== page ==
Elder’s representatives said they had previously spent considerable time dealing with staffers from the Sacramento paper, including an hour-long meeting with its editorial board earlier this month. They said they would resume cooperation with the newspaper once the Bee had taken down the “unsanctioned content.”

    McCain Nelson said the Bee’s editorial board would have an editorial in the morning that will respond to Elder. She had no comment, adding, “We just want to focus on covering the recall campaign.”

    Elder’s confrontation with Guerrero came during a video discussion with Times opinion editors and writers on Friday.

    Near the end of the hour-long session, Sewell Chan, editor of the editorial pages, introduced Guerrero. The columnist has written critically about Elder and the man she called his protege, Stephen Miller, who was a fixture on Elder’s radio show when he was a student and stayed in close contact with the host after he became an advisor to President Trump.

    Elder and his spokesperson, Ying Ma, immediately objected to Guerrero’s participation in the group session. They said they had not been informed that the columnist would be part of the interview and would not have agreed to her presence.

    The columnist said in an email that her writing in The Times and in her book about Miller “speaks for itself.”

    Meanwhile, Elder amended a statement of economic interests after disclosure experts told The Times that his initial two-page filing did not meet the legal requirements. The California Democratic Party then filed a complaint with state regulators. The Elder campaign said the lack of detail on the original form was an oversight.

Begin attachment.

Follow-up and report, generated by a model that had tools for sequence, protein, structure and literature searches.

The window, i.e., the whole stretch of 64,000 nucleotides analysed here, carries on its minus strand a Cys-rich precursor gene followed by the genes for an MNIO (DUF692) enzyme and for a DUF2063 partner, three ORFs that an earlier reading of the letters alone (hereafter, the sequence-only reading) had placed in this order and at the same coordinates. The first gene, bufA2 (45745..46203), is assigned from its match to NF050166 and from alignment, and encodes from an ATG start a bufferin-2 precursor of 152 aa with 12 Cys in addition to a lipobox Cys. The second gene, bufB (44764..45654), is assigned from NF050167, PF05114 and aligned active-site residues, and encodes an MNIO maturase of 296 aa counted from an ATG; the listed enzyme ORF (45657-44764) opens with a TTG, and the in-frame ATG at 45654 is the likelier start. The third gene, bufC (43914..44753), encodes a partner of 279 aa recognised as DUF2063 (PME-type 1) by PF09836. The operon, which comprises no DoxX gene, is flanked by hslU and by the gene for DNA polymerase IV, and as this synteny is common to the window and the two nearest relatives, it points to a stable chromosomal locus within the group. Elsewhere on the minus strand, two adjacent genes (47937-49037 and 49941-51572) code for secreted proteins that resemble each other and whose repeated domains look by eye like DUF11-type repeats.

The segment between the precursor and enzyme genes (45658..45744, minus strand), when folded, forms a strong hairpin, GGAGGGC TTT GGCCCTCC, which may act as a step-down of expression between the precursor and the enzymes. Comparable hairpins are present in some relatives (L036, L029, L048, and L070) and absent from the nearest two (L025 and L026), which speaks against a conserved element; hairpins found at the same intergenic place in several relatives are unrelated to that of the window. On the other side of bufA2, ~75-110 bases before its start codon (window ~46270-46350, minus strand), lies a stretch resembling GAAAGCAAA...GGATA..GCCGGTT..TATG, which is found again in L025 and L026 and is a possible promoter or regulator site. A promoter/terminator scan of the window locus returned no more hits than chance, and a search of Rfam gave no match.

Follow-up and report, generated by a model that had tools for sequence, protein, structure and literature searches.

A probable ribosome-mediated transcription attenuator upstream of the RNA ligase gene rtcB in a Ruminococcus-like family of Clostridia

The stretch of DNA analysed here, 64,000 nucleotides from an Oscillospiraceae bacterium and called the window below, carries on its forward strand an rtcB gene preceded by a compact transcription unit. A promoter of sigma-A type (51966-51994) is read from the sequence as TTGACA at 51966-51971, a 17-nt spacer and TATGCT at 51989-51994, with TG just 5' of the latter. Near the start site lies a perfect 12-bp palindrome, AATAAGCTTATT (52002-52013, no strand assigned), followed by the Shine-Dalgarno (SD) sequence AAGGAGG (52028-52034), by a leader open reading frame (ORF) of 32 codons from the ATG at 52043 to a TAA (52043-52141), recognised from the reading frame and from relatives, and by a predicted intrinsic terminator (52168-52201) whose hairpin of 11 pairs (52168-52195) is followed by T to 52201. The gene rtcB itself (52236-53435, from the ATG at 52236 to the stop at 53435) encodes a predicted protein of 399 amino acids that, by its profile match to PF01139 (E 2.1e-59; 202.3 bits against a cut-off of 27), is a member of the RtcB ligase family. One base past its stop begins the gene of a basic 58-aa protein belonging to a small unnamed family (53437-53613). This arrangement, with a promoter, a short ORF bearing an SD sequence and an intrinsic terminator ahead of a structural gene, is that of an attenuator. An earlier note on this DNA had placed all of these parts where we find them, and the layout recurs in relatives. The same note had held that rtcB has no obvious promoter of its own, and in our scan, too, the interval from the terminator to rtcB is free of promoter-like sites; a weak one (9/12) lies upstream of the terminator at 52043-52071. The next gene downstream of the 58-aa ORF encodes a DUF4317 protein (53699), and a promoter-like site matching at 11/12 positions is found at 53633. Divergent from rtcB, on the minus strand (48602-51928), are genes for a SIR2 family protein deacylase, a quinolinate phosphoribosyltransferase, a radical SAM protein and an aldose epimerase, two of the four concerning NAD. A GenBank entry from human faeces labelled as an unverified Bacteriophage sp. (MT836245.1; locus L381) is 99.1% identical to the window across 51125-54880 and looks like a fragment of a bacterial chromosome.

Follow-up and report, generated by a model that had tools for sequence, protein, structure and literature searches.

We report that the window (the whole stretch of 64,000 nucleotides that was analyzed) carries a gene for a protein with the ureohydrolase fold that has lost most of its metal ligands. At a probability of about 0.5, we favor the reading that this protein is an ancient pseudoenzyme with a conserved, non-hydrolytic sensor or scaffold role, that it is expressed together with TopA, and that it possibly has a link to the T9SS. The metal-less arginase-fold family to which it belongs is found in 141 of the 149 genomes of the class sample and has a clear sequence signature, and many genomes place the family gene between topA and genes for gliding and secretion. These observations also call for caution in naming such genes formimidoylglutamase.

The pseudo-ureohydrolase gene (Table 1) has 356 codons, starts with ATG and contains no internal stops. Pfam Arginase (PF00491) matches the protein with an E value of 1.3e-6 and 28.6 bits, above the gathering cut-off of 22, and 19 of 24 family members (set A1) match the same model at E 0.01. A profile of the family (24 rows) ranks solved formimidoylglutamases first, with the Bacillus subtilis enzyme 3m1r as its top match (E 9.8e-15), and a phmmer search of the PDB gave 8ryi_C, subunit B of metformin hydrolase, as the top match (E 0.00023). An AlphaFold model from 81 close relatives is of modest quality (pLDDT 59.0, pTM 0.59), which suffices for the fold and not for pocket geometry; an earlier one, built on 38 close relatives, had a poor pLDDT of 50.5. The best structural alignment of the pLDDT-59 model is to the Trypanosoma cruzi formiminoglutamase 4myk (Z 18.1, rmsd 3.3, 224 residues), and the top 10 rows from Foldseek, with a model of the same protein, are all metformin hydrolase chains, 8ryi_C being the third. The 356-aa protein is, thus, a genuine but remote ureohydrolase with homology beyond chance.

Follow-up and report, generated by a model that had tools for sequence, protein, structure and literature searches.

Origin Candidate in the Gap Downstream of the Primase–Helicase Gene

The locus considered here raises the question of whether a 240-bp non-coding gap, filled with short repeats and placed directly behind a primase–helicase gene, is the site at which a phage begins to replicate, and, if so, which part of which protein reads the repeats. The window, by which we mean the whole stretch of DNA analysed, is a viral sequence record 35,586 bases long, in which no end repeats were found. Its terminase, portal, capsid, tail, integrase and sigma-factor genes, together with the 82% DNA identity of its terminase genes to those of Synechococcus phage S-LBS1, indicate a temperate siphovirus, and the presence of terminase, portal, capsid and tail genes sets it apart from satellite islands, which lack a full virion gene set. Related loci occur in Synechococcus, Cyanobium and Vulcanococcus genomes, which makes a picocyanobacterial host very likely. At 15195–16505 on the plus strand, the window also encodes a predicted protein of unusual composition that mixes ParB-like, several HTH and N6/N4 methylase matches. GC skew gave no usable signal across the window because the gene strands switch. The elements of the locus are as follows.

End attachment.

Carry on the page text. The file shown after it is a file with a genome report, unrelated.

The new disclosure showed that Elder’s company is worth between $100,000 and $1 million, but his exact wealth is difficult to determine, because the state requires disclosure in broad dollar ranges.

    Elder collected at least $10,000 from several conservative organizations, including the Alachua County (Fla.) Republican Executive Committee and Epoch Times, a far-right newspaper affiliated with the Falun Gong new religious movement.

    Elder also disclosed income from the anti-abortion nonprofit Heartbeatat22, Calvary Chapel Chino Hills, Promedev Relief Factor, a supplement that claims to reduce pain, BLEXIT, the conservative nonprofit Turning Point USA and Salem Media Group, the media company that syndicates his national radio show.

    https://www.bakersfield.com/ap/news/...097d68017.html
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    Latest Polls Of The California Recall Election

    Voters will decide whether to remove Gov. Gavin Newsom and — if removed — whom to replace him with

    Opponents of Democratic Gov. Gavin Newsom of California have gathered enough signatures to trigger a recall election for him on Sept. 14 — only the fourth gubernatorial recall election in U.S. history. If a majority of Californians vote “yes” to recall, Newsom will be removed from office.
    Do Californians want to remove Gavin Newsom from office?

    An updating average of 2021 California gubernatorial recall election polls, accounting for each poll's quality, recency and sample size